ABERDEEN PROVING GROUND, Md. (March 15, 2016) -- The U.S. Army Research Laboratory, as part of its work life balance initiative, recently implemented a wellness program intended to promote healthier lifestyles of its employees. ARL's wellness coordinators continue to seek people within the workforce who have experience or expertise that might benefit the rest of the workforce in areas like meditation or mindfulness; diet and nutrition; or athletic performance.

Jonroy Canady, a computer engineer from ARL's Human Research and Engineering Directorate, volunteered his talents to develop a smartphone application to support the organization's wellness program. Currently, participants of the program log their progress onto an excel spreadsheet. The app, which is currently a prototype, or proof of principal, could be used to track the health and wellness of the employees electronically and eliminate the need for the spreadsheet tracking system.

Canady is not new to app development. He said he has developed several apps for a few different ARL research projects he has worked on. He began his career at ARL as a contractor in 2011, providing on-site support to HRED's then-translational neuroscience branch and transitioned to civilian service two years ago.

Canady said he currently supports a couple different research programs and mostly implements the hardware and/or software for a given experimental paradigm. He first heard about the wellness program in December, and because of his past experiences developing apps, his supervisor came to him and identified developing the app as a useful "service to the organization."

Canady said he was eager to dust off his Android development skills.

"The long-term vision would be to have a suite of apps on multiple platforms that allow the entire ARL workforce to easily integrate the wellness initiative into their lives. However, the next step would probably be just to acquire the necessary approval/funding to enable the development of a functional single-platform wellness app. Various features and platforms could be added as future steps," Canady said.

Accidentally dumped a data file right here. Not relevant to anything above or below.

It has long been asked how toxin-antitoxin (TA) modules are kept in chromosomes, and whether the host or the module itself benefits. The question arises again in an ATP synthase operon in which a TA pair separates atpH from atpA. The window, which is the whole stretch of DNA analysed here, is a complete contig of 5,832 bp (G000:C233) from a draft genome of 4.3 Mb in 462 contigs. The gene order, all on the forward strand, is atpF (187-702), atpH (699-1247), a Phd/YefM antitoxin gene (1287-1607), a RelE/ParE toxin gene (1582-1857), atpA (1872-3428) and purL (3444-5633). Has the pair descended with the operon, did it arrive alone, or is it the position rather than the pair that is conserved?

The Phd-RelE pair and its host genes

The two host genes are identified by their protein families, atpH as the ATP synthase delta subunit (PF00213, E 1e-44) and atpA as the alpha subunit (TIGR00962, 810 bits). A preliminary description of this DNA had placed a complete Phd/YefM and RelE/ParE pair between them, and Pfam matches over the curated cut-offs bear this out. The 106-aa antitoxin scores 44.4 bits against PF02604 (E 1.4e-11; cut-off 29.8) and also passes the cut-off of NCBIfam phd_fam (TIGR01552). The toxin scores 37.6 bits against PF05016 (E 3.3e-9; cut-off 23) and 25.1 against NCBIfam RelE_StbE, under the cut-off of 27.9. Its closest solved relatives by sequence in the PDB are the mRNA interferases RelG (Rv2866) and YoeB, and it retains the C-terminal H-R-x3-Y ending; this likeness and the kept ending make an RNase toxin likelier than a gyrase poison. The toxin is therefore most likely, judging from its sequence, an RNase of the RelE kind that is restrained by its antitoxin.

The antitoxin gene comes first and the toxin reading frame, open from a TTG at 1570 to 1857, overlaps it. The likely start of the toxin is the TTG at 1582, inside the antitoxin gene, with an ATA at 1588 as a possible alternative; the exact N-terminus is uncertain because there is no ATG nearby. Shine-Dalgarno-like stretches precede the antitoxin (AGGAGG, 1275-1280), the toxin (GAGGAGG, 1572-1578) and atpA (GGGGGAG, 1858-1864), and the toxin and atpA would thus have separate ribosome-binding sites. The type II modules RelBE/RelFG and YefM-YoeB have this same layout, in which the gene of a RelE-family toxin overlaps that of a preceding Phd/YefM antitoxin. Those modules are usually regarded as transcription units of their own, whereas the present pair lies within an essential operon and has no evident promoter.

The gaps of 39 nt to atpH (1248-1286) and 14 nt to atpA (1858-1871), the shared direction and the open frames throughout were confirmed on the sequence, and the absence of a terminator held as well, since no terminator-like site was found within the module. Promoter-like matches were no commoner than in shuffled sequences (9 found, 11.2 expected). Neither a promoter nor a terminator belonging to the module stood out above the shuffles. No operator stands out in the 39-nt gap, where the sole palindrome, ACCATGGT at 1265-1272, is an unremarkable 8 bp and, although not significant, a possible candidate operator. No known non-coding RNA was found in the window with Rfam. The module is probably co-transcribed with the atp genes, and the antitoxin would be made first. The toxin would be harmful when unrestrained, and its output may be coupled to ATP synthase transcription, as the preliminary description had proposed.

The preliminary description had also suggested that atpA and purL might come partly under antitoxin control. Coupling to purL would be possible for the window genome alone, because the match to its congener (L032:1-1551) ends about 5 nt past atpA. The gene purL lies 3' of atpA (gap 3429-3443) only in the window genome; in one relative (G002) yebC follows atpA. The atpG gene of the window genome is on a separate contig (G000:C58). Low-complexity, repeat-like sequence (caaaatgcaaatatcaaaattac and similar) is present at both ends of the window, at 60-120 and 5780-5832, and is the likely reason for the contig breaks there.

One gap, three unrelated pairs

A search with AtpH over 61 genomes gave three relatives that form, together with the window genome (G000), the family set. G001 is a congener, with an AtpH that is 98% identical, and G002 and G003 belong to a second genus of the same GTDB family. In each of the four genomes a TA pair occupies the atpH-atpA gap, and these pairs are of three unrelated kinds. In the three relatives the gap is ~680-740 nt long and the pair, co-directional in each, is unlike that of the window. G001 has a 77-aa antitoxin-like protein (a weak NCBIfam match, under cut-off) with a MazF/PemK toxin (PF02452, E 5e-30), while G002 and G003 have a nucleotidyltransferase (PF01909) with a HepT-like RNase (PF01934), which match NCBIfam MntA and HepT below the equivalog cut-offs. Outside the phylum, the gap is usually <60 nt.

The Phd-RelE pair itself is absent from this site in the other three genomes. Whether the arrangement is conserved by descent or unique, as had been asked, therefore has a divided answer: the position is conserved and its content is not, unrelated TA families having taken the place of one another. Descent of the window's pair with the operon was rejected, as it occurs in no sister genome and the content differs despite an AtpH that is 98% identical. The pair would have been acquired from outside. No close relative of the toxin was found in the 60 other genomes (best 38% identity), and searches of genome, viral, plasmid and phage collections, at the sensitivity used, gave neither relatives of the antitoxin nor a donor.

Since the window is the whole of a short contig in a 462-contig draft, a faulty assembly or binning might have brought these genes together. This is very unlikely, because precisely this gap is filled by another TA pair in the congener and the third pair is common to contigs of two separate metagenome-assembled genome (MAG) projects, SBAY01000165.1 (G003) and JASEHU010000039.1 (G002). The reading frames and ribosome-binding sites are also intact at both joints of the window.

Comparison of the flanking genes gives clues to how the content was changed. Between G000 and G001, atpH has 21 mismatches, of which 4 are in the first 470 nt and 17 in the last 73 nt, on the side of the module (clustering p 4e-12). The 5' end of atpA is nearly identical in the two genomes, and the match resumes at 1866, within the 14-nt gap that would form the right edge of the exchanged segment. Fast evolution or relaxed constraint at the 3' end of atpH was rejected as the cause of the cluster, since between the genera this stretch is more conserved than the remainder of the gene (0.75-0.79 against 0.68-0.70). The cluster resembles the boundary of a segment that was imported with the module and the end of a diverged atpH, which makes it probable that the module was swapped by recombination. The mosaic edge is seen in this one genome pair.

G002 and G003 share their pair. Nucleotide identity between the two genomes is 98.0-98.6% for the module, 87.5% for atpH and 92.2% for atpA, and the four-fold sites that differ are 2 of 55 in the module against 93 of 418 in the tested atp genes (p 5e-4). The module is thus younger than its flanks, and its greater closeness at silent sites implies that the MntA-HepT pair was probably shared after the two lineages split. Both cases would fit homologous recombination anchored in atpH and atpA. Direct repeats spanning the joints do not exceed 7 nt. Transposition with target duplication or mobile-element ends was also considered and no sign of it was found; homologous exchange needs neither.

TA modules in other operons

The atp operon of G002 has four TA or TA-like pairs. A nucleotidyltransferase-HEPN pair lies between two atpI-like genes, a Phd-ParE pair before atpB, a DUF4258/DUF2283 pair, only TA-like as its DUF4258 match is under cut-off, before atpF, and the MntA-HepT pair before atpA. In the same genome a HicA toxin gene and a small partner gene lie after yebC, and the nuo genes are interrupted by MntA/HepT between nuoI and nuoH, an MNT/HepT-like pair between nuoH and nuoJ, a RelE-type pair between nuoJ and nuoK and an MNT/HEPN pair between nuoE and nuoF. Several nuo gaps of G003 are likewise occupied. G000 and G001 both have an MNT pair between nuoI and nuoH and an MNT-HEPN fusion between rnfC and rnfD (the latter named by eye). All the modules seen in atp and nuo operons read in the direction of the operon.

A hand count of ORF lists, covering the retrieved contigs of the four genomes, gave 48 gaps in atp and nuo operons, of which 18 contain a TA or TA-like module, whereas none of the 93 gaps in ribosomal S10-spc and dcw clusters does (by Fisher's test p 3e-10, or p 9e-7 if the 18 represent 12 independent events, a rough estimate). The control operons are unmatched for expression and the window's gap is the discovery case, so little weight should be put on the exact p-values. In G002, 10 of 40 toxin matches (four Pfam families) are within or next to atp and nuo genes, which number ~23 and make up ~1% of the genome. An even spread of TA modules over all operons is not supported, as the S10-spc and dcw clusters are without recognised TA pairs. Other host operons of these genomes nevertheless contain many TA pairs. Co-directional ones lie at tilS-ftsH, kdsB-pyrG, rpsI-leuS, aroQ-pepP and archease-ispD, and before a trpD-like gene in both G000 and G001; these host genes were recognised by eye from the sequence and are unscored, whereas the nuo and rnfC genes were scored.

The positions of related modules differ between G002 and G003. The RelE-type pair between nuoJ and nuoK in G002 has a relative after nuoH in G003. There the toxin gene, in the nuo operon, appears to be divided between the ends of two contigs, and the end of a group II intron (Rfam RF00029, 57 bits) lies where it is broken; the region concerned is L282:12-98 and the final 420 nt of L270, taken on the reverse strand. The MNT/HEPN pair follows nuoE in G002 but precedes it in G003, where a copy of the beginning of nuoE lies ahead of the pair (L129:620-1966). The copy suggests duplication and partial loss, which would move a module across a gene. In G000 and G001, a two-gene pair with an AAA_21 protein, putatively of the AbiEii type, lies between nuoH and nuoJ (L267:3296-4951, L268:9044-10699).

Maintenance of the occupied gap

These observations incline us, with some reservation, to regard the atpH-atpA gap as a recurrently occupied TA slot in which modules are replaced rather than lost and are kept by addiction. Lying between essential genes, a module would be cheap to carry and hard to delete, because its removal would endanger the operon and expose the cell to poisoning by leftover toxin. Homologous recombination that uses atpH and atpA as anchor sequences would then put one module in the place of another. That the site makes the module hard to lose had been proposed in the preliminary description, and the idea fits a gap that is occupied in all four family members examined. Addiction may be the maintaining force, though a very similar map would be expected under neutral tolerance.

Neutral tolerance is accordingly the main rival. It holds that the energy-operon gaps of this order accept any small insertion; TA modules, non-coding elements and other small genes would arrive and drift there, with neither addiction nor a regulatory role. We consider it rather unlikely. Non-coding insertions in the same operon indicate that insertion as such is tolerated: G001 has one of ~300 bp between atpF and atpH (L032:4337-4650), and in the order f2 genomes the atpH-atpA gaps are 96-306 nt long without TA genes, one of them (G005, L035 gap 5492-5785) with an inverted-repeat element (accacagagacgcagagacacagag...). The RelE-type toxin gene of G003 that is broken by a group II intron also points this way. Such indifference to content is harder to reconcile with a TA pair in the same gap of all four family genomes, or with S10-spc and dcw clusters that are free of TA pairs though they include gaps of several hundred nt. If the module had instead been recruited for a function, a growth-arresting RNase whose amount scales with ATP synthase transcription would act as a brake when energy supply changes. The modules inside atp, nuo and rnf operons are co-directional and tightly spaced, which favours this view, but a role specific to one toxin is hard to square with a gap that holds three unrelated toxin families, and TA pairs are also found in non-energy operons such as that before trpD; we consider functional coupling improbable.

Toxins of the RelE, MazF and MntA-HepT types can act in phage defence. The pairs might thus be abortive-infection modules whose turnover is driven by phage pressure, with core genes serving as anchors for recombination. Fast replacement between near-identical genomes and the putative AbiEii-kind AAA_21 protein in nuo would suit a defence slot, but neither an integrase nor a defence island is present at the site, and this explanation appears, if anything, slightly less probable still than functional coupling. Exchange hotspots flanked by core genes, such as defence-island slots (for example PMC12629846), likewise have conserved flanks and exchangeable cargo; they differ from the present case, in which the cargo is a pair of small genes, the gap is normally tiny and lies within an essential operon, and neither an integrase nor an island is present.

He believes the benefits a wellness app could provide to the workforce are manifold.

"I believe the app would make it far easier and more convenient for many employees to track and report their wellness activities. And, in turn, this would increase participation in the program, increasing wellness across the workforce," Canady said.

Canady said other benefits include the automation of wellness tracking and reporting would reduce the amount of program-administration effort required and the automatic data basing of employee wellness would allow for the easy extraction of metrics to gauge program success. He said the database could even be mined for research.

"I was pleased to see Jonroy took the initiative and saw a way he could utilize his capabilities to design a smartphone application that will help the wellness program. I believe that when the app is approved and implemented it will become a great asset to the program," said Danell Diggs, ARL's wellness coordinator.

Canady said that when he is not at work supporting research to help the Soldier, he enjoys consuming various media (books, games, movies, etc.), singing in choirs, playing piano, and preparing for the birth of his firstborn child.

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The U.S. Army Research Laboratory is part of the U.S. Army Research, Development and Engineering Command, which has the mission to ensure decisive overmatch for unified land operations to empower the Army, the joint warfighter and our nation. RDECOM is a major subordinate command of the U.S. Army Materiel Command.